Drag conveyors come in two general styles: single chain or twin chain. Single-chain drag conveyors normally drag a chain with a series of flights and paddles over the floor of the conveyor. Twin-chain conveyors employ two chains that run in parallel and carry paddles between them.
Most drag conveyors fit into the single-chain category due to cost and manufacturing simplicity. Although this design is typical, it isn’t optimal. There are several problems with single-chain designs—with the flights, the paddles, and the chains. A twin-chain design (when engineered well) resolves these problems.
Single-Chain Conveyors—Uneven Loads
The first problem with single-chain conveyors is that they do not drag material evenly. By nature of their design, the paddles collect material on the left or right since the chain often impedes the distribution of material across the paddle face. As the paddles collect material unevenly, the friction along the wall pulls the chain to one side, tweaking the chain and causing it to “wiggle” up the conveyor. This movement wears the chain pins and bushings more aggressively and decreases the machine’s efficiency.
The tendency of single-chain conveyors to move material in a lopsided manner is one reason we opted for a twin-chain design in our SMART Conveyors™. In a twin-chain conveyor, the flights hold the paddles on both sides, so the material is more easily spread evenly across the conveyor’s width, and the paddles don’t twist.
Single-Chain Conveyors—Problems with Paddles
The second problem with single-chain conveyors is that the flights are more vulnerable to breaking and bending than twin-chain flights.
Ideally, these conveyors will never face loads exceeding their designed limits. But we know what happens to these conveyors in the field: operating crews ignore the specs and overload the conveyors. Or they put things in the conveyors that the conveyors aren’t designed to move. Or something accidentally gets mixed in with the material and forms an obtrusion.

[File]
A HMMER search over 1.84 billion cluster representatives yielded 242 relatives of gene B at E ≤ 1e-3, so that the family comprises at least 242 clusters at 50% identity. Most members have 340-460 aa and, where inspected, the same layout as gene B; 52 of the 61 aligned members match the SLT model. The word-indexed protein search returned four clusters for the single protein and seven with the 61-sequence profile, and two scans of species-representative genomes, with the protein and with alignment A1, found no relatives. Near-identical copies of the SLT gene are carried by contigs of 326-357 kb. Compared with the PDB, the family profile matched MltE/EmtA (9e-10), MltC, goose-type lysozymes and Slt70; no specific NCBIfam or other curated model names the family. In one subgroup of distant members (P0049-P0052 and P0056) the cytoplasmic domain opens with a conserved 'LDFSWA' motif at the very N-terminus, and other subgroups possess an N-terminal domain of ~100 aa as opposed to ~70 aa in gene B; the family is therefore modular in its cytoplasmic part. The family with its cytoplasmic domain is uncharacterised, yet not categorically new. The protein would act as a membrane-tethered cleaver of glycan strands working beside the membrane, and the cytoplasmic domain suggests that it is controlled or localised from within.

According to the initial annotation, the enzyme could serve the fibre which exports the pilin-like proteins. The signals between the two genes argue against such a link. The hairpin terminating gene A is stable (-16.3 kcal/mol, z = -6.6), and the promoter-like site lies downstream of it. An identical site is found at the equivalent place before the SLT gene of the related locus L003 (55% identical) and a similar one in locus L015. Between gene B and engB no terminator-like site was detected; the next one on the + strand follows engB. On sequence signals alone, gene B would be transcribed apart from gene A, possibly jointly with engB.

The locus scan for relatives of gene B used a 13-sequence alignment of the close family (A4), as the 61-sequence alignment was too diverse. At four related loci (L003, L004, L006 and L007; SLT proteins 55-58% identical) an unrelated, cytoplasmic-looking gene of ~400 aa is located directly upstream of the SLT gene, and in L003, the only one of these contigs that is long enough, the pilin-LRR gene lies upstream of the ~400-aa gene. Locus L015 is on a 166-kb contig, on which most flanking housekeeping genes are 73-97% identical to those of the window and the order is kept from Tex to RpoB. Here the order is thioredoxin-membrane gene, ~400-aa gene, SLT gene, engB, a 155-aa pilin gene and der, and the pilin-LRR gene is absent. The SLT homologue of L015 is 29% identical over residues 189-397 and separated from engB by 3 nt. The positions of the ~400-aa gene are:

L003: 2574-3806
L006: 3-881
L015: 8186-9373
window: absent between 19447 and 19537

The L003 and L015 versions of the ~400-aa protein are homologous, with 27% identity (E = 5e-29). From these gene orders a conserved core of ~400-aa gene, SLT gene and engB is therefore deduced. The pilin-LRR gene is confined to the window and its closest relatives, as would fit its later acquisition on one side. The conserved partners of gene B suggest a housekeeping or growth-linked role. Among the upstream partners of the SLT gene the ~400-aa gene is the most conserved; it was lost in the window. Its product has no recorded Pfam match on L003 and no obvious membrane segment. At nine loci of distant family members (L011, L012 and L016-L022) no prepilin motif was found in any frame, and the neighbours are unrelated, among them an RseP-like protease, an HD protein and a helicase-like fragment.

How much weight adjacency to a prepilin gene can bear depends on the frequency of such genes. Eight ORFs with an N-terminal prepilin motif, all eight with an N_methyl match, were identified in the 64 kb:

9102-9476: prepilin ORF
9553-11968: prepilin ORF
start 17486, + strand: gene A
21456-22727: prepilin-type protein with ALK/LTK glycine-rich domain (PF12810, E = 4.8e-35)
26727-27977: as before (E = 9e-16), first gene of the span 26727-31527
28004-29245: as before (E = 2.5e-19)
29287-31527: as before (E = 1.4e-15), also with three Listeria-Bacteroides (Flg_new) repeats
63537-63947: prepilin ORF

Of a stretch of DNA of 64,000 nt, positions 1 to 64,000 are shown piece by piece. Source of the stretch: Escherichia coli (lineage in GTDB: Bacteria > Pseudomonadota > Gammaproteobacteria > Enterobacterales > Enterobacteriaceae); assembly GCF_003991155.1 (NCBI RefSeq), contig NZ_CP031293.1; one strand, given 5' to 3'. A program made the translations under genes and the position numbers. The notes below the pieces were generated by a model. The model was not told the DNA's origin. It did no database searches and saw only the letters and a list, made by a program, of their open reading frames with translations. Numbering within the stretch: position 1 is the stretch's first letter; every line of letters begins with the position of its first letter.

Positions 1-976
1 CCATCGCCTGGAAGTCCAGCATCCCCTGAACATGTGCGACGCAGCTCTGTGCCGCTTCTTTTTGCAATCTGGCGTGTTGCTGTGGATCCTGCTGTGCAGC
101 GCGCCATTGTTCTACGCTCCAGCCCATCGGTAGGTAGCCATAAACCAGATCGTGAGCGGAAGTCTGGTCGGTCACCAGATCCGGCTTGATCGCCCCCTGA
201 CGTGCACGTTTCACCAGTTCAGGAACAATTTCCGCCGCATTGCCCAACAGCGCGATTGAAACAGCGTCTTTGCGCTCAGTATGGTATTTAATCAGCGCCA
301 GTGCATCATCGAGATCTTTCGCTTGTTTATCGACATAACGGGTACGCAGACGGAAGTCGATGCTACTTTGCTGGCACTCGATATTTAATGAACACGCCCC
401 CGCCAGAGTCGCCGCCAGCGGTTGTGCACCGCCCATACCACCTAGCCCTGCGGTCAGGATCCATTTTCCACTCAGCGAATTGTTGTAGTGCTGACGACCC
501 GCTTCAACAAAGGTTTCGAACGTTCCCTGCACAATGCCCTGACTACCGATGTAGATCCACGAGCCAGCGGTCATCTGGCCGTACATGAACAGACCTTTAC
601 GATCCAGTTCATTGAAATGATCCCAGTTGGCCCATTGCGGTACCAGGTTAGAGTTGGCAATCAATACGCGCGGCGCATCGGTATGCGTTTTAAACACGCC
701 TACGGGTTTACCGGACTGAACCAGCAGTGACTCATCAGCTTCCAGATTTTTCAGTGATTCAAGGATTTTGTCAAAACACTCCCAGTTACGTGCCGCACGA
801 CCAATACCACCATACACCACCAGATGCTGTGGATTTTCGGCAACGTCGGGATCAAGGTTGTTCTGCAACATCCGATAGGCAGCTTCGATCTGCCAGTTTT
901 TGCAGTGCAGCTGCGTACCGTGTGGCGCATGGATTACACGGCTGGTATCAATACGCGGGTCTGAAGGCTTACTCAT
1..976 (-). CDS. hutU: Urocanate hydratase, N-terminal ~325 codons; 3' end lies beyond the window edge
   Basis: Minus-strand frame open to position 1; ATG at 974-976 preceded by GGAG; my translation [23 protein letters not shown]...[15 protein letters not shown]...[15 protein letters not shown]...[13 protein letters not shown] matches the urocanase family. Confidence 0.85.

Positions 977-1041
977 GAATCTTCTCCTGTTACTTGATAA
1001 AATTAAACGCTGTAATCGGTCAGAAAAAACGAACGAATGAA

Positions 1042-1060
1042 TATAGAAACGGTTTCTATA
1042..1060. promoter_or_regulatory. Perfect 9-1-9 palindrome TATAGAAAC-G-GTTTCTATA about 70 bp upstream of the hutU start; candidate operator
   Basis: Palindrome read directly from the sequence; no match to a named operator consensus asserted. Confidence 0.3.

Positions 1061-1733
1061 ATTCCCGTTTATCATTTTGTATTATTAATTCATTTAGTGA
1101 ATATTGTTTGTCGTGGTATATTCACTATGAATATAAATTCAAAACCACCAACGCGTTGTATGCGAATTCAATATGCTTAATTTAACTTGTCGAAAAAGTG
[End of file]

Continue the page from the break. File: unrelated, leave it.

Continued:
When an event like this occurs, the single-chain design lends itself to damage. The material uses the paddles like levers to place pressure on the flights. And sometimes the flights break. Other times they bend.
Both results are bad. If they break, you end up with a paddle and flight mixed with your material, and these components can damage machinery down the line. If the flight bends, then it no longer functions as a paddle but as a plow. In fact, it is worse than if it broke off as far as the chain is concerned because there is now a wedge action along the wall. All material hitting the face of that bent paddle gets plowed tight against the wall, creating high friction along the wall. The opposing flight and paddle, if undamaged, will still push material, but it will heavily tweak the chain and encourage further internal wear.
This does not happen with twin-chain conveyors. Paddles are held on both ends, so no leveraging occurs; the flights are less likely to break. And if an overload situation does occur, the paddles tend to bow in the center rather than bend backward. Thus, the paddle still moves material.
Off the Shelf vs. Custom
The third problem with single-chain drag conveyors is the cost of replacement parts. Some conveyors come equipped with off-the-shelf mill chains. These don’t have paddles; the chain does all the work. These types of chains are dragged through boxes, and they may have flights or a small bar on them. These, of course, are incredibly inefficient and wear out quickly. These are the dumbest of dumb conveyors.
But most single-chain conveyors come with custom chains. Their manufacturers design the chains themselves and add custom flights and paddles. When a customer needs to replace the chain, they are therefore tied to the manufacturer.
We took a different approach with our chains in our small and mid-capacity conveyors. Our conveyors come equipped with OEM roller chains. This way, when customers want to replace a chain, they can go through various sources.
Now, we do use a custom chain for our T-Series conveyor. We decided to design a custom chain for this conveyor because of the high loads they are expected to carry. We also went with a custom chain because of the rough environment in which the chains often operate. To help the chains endure acidic wear associated with woody biomass, we designed the T-Series chain with an oversized pin. (In practice, the pin is what most often fails on conveyors handling woody biomass due to acidic corrosion.) Even when 50 percent worn, our pin is still stronger than the chain sidebars.
An off-the-shelf chain will fit on our T-Series conveyor, however, so customers are not tied to us. But for the sheer amount of abuse these conveyors take, a standard chain is suboptimal. Customers who choose to go with standard chain replacements in our T-Series will be disappointed in the chain’s performance.
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